Plant Diseases/fruit tree infections
I have peach trees that have bark that splits and lets the sap run out like bleeding. I have one tree left that is in 3rd summer and is doing this. I cut one down last year because it was dying but perhaps left it to long and what ever it had spread. I have lost several fruit trees over the years and my maples are doing this also.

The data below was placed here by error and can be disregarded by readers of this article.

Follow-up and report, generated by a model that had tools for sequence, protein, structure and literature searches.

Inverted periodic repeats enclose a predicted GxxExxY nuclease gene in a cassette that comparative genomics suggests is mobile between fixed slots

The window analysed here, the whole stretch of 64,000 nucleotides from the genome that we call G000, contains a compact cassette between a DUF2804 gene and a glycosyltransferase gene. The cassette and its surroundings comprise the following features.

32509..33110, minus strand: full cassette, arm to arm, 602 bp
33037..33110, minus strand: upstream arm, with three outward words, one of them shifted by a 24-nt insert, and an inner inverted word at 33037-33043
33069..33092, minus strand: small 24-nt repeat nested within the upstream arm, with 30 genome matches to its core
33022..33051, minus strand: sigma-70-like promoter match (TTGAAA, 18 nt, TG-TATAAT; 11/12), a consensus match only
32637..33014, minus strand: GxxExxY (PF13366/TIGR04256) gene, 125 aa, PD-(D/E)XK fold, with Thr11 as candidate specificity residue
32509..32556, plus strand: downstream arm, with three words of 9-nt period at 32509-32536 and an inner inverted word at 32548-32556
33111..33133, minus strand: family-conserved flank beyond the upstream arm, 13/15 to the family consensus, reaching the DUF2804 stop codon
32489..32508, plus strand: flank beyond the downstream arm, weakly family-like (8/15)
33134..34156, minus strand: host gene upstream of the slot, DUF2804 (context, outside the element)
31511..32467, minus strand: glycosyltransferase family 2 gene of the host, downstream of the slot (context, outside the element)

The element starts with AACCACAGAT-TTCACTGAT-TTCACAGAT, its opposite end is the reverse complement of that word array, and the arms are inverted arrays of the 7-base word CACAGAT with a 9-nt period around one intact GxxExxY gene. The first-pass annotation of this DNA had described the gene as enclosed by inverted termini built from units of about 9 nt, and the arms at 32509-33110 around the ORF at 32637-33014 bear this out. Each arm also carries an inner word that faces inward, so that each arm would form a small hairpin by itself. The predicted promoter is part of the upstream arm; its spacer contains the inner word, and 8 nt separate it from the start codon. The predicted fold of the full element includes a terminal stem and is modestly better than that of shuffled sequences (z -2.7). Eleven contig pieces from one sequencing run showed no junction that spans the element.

Dear Jane, I apologize for the extreme lateness of this answer but I have been away from decent internet for a few days. Unfortunately, there is no one cause for bark split on fruit trees. It could be from sunscald, which occurs when the weather freezes during the winter, then rapidly thaws. Sometimes this can cause splits in the bark which don't actually appear until the warm months, when they suddenly start oozing sap. This actually sounds like what you may have. The main issue in this condition seems to be healing the cut in the bark. It is time consuming to do, especially if you have many cuts. You must take a sharp knife, and cut just barely through the bark on either side of the split, about a half inch from the split. Remove the injured bark, then disinfect the area with a 10% bleach solution. The area should dry and heal although it will leave a bit of calloused tissue on either side as it heals. If there are many cuts on a limb, you may opt to just cut that limb off. Also, if the splits go around the trunk of a tree, the tree will likely die. To prevent this condition, avoid fertilizing the tree late in the season. You might want to check with your local county extension agent for specific fertilizing/spraying schedules for peach trees in your area. It is most common to get the sunscald on fruit trees and maples. Some people also paint the bottom four feet of fruit trees with white tree paint to help prevent this condition, but you don't want to do that after the splits have already occurred. You also shouldn't cover the cuts with pruning paint, as this won't help the cuts to heal. In addition, these cuts are often susceptible to other infections such as cankers which often encircle limbs, which should then be cut off. Cankers will start with a small dead spot which then enlarges and spreads. You must also check to make sure you don't have borers, which may be attracted to the diseased tree and will lay eggs in the tree. Borers also cause the weeping sap condition. Peach tree borers look like clear winged moths as opposed to the beetle type of borer. At any rate, I do think your condition is sunscald, so work on cutting around the split bark and disinfecting, and contact your local extension agent for any and all information they have on peach trees. Fruit trees can be very difficult to take care of when these problems come up, but they are well worth the effort. I do hope this information helps you, but please write back if you need further assistance or if I have confused you utterly. This is actually a quite involved topic, and I could discuss it for quite some time, but I hope I have led you in the right direction. Good luck, Melissa